Suddenly Suzani – the rise of Asian embroideries
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In a sitting room created by Swedish interior designer Beata Heuman, a chequerboard floor is complemented with an inky pomegranate-print wall covering and a plump, curvy, block-pattern-printed sofa – all in blue and white. “It’s like being in a china sugar bowl,” she says. The eye is drawn, however, to the two pieces on the wall: a Goya exhibition poster, and a vibrant floral-embroidered wallhanging in bold pinks and crimson.
“Hanging a tapestry or a material on a wall is a way of softening a space. It adds liveliness, depth and texture,” says Heuman. Such embroidered textile panels have a rich history. Suzanis, named after the Persian word suzan, meaning needle, were originally produced by nomadic tribes in central Asian countries such as Uzbekistan, Tajikistan and Kazakhstan.
“We don’t have much information on them before the 18th century, but there was a tradition of embroidery far before that time,” says Louise Broadhurst, director and international specialist of oriental rugs and carpets at Christie’s auction house. “Suzanis were woven by the women within the villages as dowry pieces. Each woman in the family would be given a strip to embroider – usually in silk, onto a cotton foundation – then the panels would be joined together.” Bedecked with flowers and fruit – symbols of fertility – the finished pieces were used in tents as decorative dividers and floor spreads.
Today, examples from the late 18th and 19th century can court fierce bidding. What interests most collectors, says Broadhurst, is the “fabulous colours and designs, which have a really dynamic, contemporary feel. Quite a lot go for below £10,000, but they can really go up in price if they’re particularly early, or they’ve got a really good provenance, or the design and colours are just that little bit different.” One such, from the Shakhrisabz area of Uzbekistan in the first half of the 19th century, combining vibrant red and pink rosettes with unusual light-blue leaves, fetched £40,000 at Christie’s in 2019.
Ignazio Vok, who began buying suzanis – as well as Anatolian and Persian flat weaves – in 1974, amassed the world’s largest private collection: it was sold via specialist auction house Rippon Boswell & Co between 2015 and 2017. Across three sales, 76 suzanis sold for a total of €2,130,300. This May, a selection of 19th-century Uzbek examples were offered at Rippon Boswell & Co’s spring sale, including an eye-catching example from Samarkand, its circular blooms trailed with vines, which sold for €4,000. The top price of €8,500, however, went to a pretty pink-toned prayer mat featuring a rare mihrab tower motif.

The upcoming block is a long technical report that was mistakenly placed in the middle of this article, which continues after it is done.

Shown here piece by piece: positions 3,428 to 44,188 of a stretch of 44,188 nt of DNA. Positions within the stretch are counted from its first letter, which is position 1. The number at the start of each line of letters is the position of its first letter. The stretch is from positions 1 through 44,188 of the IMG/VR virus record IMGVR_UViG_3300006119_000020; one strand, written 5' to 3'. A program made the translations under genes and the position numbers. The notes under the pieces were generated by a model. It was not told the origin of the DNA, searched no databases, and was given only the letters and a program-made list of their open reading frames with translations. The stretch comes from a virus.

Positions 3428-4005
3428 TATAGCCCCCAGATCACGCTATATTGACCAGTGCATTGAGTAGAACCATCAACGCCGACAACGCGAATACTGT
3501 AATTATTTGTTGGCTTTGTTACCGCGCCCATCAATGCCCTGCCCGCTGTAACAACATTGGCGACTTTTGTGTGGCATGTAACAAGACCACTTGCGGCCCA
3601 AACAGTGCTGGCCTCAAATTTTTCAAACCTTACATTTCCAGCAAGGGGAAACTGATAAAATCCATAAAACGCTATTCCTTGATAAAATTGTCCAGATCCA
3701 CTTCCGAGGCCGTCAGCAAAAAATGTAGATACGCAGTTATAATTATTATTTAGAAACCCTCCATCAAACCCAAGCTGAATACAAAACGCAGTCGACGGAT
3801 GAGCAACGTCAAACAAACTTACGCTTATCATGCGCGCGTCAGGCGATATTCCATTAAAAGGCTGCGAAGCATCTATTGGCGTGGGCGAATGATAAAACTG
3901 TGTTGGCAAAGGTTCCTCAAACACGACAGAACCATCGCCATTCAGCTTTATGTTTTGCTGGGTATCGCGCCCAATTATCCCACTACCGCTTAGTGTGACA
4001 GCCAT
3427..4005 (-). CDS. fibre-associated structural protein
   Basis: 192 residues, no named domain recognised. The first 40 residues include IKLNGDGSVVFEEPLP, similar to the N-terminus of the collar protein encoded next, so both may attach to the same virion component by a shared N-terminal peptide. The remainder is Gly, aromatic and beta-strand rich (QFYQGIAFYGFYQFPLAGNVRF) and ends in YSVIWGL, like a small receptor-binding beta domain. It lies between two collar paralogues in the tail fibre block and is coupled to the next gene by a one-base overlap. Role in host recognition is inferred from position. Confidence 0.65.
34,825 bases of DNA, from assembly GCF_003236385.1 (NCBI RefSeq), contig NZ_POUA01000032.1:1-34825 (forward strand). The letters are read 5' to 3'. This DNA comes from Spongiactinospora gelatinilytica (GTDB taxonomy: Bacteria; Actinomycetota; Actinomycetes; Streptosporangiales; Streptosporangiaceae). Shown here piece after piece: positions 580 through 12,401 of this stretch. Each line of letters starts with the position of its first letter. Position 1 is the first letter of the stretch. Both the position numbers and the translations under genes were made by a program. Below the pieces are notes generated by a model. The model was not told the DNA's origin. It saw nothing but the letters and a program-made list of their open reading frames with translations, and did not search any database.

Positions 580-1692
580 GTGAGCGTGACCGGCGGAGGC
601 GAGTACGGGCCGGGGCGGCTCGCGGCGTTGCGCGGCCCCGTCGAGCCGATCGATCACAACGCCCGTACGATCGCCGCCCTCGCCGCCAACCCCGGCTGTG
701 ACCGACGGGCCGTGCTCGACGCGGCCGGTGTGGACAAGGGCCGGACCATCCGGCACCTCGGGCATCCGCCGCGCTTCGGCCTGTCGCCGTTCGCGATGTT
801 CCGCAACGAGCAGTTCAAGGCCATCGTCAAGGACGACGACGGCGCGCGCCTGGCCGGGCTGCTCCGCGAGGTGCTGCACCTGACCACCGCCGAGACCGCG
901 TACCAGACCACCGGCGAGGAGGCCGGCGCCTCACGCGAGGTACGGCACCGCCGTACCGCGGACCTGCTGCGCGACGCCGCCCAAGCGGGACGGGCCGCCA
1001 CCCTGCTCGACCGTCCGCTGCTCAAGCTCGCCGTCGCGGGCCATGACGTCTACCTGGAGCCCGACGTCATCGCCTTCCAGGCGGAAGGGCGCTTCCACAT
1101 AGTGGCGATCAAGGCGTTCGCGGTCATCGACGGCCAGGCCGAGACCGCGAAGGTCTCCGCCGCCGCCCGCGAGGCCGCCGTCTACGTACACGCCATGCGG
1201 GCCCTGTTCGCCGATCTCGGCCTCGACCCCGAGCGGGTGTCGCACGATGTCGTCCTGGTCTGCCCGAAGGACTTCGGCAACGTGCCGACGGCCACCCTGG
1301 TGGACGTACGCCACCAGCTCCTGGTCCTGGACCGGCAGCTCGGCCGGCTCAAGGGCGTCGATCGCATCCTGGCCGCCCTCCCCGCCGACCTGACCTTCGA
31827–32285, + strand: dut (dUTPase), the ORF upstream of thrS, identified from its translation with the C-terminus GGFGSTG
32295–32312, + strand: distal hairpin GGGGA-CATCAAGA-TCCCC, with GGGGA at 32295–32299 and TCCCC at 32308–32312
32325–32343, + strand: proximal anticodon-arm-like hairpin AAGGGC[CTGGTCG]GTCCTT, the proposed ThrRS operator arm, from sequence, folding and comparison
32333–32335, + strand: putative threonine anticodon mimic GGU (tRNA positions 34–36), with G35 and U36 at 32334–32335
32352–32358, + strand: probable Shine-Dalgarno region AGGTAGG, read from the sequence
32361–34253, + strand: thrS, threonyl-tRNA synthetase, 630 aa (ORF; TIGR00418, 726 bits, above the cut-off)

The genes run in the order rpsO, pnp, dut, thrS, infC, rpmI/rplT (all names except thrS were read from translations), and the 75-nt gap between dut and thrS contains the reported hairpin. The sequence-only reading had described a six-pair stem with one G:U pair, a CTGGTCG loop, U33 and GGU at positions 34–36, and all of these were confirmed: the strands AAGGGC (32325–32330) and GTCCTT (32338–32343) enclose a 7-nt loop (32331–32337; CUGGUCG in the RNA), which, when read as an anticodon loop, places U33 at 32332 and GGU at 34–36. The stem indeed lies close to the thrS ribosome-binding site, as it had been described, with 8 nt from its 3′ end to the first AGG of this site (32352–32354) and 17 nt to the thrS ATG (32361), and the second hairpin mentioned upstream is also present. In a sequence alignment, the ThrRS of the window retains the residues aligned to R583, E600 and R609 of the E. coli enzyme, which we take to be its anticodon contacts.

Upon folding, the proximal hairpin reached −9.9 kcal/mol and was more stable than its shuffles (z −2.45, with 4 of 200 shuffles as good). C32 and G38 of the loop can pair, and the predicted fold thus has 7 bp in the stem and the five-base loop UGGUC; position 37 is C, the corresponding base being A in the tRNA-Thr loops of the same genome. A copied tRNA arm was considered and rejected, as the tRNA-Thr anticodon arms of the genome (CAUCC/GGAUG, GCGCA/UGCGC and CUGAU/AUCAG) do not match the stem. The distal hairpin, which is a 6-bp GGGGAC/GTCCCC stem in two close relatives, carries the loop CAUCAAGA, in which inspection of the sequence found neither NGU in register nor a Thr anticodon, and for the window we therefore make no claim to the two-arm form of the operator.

“There are different patterns associated with different cities in Uzbekistan,” says London-based dealer and interior designer Susan Deliss. Those made before the turn of the century – including a swirling c1870 example being offered for $24,500 by New York dealer Jason Nazmiyal, and a punchy c1850s one at $35,000 on 1stdibs – stand out for their use of natural dyes. They are vibrant, but softly so, says Broadhurst, who advises caution when it comes to colour. “If you go to the souks today, to Istanbul or Iran, you will be shown a lot of suzanis that they say are antique; nine times out of 10, they’re not,” she says. “Sometimes they’re tea-stained to make them look old. The telltale sign is the colours; if they look a bit fluorescent, invariably that’s because they’ve come from a bottle.”
That’s not to say that 20th-century suzanis embroidered with synthetically dyed threads aren’t desirable; they are, but they are also less rare. On 1stdibs, for instance, there’s a wide range of colourful midcentury versions from Samarkand available for between £600 and £1,500; those at The Tolstoy Edit come in more muted hues, from £580 apiece; while Francesca Gentilli also stocks suzanis mostly from the 1970s, at around £250-£1,400.
“I occasionally get my hands on a really lovely 19th-century one – but generally, they are difficult to find or are in pretty rubbish condition,” says Deliss. The majority she sells are new, including one with a “wonderful swirling pattern” recently bought by John Benson, CEO and co-founder of new arts and culture platform aonia.com. “It has a glorious mix of subtle colours,” he says. “It will hang halfway up the main staircase of our Georgian country house, surrounded by Regency mahogany furniture and modern British paintings.”
The less rarefied pieces also have potential for reinvention. Deliss has repurposed one as a headboard for her Burgundy bedroom. Fellow interior designer Rita Konig has a vintage suzani (from Nushka) as a bedspread in her London home, while Chloe Jonason has used one to create a seat cushion for a folky painted bench. Kit Kemp is also a fan, and used suzanis and their motifs in her design for the Covent Garden Hotel. In the US, homeware brand St Frank sells framed vintage suzanis (an ochre vine design is $8,250) as well as converting them into cushions ($265); “We truly cannot keep those in stock,” says founder Christina Bryant Herbert. You’ll even find suzanis fashioned into jackets by designer duo Muzungu Sisters (from £450).
But when it comes to their main use, decor, Heuman believes in going big: “Suzanis can go from the top of your sofa to the ceiling. They give a good impression in a room. For one project, we wanted to fill a wall but didn’t have much of a budget and actually found a suzani on eBay. It was very inexpensive – and it looks amazing.”
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